These are my two biggest insider secrets about Phoenix Sky Harbor, and I’ve never seen any other blog mention them.

Boeing 767 Hawaiian Airlines
Hawaiian Airlines – a way to fly international from Phoenix without a stop at LAX. (Photo by Dylan Ashe)

First, try to book flights on airlines serving Terminal 2. What? The oldest terminal? Yes. Because it’s small, the odds of getting lost or missing a flight due to a gate change or long TSA line plummet. You can also walk from the West Economy lot directly to the terminal in moments – the only place st Sky Harbor where that’s possible. Airlines serving T2 include United, Alaska Airlines and Great Lakes Airlines.

My second tip is for international/intercontinental travelers. Phoenicians are generally forced to San Francisco or Los Angeles for intercontinental flights. Both are pretty harried airports, but LAX is definitely worse. If you’re headed west to the International Date Line, you have another option: skipping West Coast connections with Hawaiian Airlines (at T3). It has daily flights to Honolulu, which can then connect you to Japan, Tahiti, the Philippines, Korea and (drum roll, please) Australia. I haven’t flown Hawaiian Airlines – but considering their interactions with followers on Twitter, it seems this is an airline that gets it -- that wants to make air travel fun.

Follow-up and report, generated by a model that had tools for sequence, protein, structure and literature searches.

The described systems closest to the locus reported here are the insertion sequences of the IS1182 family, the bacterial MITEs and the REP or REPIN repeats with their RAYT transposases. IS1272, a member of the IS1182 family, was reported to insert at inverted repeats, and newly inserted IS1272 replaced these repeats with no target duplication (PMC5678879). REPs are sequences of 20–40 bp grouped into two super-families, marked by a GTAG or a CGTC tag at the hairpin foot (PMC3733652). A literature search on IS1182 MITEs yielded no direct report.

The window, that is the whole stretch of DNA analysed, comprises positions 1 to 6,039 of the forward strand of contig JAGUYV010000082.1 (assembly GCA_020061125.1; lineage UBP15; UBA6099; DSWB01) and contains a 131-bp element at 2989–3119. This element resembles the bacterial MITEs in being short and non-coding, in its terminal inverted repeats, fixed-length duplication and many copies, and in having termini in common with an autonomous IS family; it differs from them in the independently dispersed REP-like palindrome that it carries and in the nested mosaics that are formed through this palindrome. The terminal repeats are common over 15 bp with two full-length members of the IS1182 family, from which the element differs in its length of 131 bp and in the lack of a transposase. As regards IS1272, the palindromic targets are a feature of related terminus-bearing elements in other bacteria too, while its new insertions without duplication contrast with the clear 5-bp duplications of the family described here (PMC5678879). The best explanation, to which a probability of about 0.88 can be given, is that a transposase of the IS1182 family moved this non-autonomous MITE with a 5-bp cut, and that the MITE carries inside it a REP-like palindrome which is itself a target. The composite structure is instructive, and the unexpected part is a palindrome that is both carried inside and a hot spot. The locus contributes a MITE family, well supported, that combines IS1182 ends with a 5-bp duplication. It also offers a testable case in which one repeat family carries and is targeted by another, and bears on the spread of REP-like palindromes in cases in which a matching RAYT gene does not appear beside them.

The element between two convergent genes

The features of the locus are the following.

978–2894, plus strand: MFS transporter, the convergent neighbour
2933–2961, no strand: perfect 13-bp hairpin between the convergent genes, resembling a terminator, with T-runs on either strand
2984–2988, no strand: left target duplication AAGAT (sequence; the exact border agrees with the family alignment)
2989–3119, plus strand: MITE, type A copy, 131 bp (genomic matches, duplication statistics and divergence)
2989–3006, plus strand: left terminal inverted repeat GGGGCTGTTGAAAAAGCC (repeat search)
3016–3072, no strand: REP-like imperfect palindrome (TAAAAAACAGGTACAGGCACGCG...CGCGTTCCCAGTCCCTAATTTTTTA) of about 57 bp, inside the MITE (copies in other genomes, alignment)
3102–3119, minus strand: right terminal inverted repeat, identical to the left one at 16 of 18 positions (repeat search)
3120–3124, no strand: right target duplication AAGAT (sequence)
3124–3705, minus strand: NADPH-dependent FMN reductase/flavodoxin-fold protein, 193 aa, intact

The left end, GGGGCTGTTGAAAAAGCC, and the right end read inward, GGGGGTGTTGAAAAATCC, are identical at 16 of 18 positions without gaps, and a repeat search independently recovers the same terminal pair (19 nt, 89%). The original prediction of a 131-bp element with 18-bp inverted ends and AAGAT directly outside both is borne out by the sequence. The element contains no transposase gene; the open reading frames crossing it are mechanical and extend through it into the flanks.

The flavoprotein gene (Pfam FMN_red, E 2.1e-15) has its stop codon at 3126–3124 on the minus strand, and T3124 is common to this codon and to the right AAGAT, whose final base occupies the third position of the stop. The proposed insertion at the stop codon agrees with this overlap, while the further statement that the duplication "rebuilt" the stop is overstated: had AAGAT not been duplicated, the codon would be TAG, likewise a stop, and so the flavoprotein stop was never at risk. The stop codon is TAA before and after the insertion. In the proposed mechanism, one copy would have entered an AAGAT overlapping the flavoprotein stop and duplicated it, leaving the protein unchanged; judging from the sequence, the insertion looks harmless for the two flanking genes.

Plethora of Parking
There’s really no shortage of cheap parking at Phoenix Sky Harbor – you have choices between the Economy lots on-site, plus private off-site parking. If you’re into planning ahead and you leave yourself enough time, off-site parking is a solid option. You’ll find it a bit more secure and generally less-crowded. Another bonus: They’re easier to get to. Recent construction has completely changed most of the roads leading into Sky Harbor. I can no longer drive in relying on memory. It’s a roadscape in flux, and you can just leave it to the shuttle driver if you park off the grounds.